17 April 2019
5 mins with…Peter Parker
Professor Peter Parker is the Director of the Cancer Research UK (CRUK) King's Health Partners (KHP) Centre based on the Guy’s campus. He provides strategic leadership in both this role and within the wider Comprehensive Cancer Centre at King’s. He has a joint appointment with the Francis Crick Institute where his research team operates. Peter has been at King’s since 2006.
Briefly, tell me about your background and career up to this point
I am so long in the tooth, there is nothing exactly brief about my career. I have spent the vast majority of it working in the field of cancer, with a rather singular focus on protein kinases. In fact, the protein kinases came before the cancer interest, in the very early days when you could count them on the fingers of one hand. Having been there early, I was I think in the right place, at the right time, to apply my consuming interest in these control mechanisms and this has enabled me over my career to contribute to and support a wide variety of developments from new Academic Centres, founding companies, promoting funding initiatives, Journal Editorship, commercial interactions, etc, the usual trappings of an academic career.
What research are you currently working on?
Three areas that are pertinent to new cancer interventions. One at a late stage where we are trying to unravel an underlying mechanism to help the clinical positioning of a new drug we have been involved in developing. A second where we have identified an emergent liability of many cancers that creates a new targeting opportunity; we are seeking to understand the molecular mechanisms involved and validate the target. A third is more around a principle – do some cancer mutations in kinases cause loss of activity but a gain of function? This has implications for how some of these protein kinases operate and of course for the manner in which one would seek to block their action.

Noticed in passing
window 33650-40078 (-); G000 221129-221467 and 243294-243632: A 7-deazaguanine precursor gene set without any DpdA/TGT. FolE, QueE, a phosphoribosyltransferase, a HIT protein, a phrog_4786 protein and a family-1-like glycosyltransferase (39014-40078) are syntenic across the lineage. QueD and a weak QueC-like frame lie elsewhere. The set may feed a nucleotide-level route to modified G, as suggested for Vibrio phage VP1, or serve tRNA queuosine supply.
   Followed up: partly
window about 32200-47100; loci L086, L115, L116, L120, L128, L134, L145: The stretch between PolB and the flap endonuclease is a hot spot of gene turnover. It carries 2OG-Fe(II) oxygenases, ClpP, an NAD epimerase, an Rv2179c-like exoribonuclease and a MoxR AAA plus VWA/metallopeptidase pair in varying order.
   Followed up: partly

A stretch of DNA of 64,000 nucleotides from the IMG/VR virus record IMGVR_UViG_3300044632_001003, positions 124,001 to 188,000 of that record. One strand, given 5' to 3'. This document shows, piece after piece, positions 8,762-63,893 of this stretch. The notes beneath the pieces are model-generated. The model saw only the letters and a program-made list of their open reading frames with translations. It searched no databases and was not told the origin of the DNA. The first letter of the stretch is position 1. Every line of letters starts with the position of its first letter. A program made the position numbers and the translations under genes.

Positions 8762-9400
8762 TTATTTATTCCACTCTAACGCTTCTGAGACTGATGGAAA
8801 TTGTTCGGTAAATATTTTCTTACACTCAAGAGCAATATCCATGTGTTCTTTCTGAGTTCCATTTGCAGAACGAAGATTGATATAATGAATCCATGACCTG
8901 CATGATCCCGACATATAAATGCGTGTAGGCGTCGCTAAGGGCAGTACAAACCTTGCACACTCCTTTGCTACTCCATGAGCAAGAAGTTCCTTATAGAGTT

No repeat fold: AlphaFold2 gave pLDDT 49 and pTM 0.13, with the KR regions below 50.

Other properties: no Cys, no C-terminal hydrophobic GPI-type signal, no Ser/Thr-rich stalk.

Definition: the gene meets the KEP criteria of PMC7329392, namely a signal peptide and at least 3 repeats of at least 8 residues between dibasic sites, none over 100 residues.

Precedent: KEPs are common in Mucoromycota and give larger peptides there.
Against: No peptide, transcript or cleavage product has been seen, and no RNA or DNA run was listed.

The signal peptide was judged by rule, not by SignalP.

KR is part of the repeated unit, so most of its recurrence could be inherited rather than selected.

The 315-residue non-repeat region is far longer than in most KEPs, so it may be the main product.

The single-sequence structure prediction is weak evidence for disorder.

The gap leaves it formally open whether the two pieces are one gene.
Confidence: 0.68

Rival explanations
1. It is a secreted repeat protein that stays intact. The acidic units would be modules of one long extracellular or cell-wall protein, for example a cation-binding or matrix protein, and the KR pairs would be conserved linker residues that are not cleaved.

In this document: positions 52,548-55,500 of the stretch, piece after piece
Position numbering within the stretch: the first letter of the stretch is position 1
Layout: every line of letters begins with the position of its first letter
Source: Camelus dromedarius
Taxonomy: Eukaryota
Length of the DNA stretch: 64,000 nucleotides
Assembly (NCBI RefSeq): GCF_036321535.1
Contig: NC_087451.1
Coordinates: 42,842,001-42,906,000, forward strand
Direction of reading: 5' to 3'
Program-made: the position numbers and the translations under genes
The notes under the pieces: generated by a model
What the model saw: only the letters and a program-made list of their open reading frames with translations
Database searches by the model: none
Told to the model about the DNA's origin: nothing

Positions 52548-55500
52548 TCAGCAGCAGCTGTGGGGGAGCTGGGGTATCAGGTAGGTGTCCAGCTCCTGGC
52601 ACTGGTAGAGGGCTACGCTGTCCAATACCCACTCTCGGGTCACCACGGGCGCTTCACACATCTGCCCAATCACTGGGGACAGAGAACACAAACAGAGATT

What is a typical day like for you?
I tend to start early with a long train commute, that I prefer to do out of rush hour, followed by a bit of exercise on a “Boris” bike. South Western Railway willing and barring any fracas with pedestrians wandering across bike lanes I am at my desk by 7 or 7.30AM. The day then typically unfolds with combinations of research meetings, administrative meetings of one form or another, much trawling the literature and even more email correspondence with the occasional crisis thrown in for good measure. Holding a joint appointment between King's and the Crick I usually find myself back on a Boris bike in the middle of the day changing campuses. That gives me the opportunity to do it all over again in another setting, before jumping back on a bike and starting the trek home.
Where is your research area heading in the next five years?
A clinical trial, some new molecular insights validating a target to bring a new drug development opportunity and I hope some surprises.
What would you like members of our School to most know about you and your research area?
I am always ready to discuss research ideas and not just in my area. I have gained also more than a little experience in translation and the commercial world; I am happy to make time to support colleagues interested in dipping their toes into this water.
What are your favourite parts about your current roles?
I am no longer Head of School! Somewhat less frivolously, I get huge enjoyment from Directing the CRUK Centre at King’s and being engaged with the development of the City of London Centre, the joint initiative with the Crick, UCL and QMUL. The Crick itself is a wonderful campus on which to work and the combination of activities there and at the Centre at Guy’s is brilliant. All have been tremendously rewarding, providing opportunities to interact with a breadth of colleagues and to actively encourage studies that promise much for our cancer centre patients.
What do you do with your time outside of academia?
Pottery, tennis, theatre, music, walking, building and general lazing about.
What advice would you give to your 18-year-old self?
Be lucky and keep your eyes open.
Who do you look up to (inside or outside of academia)?
I have a rather egalitarian view of the world and not sure looking ‘up to’ is how I would phrase it. I have enormous respect for very many people inside and outside of academia.
Any leaving remarks that you would like other members of our School to know about you?
I like to feel that I have an open-door policy and anyone can wander in to talk – the usual problem is finding me there.
Favourite Movie: Blade Runner (original version – not the Director’s cut)
Favourite Book: The Name of the Rose
Favourite Radio Show: 'I’m sorry I haven’t a clue'
Favourite Scientist: Einstein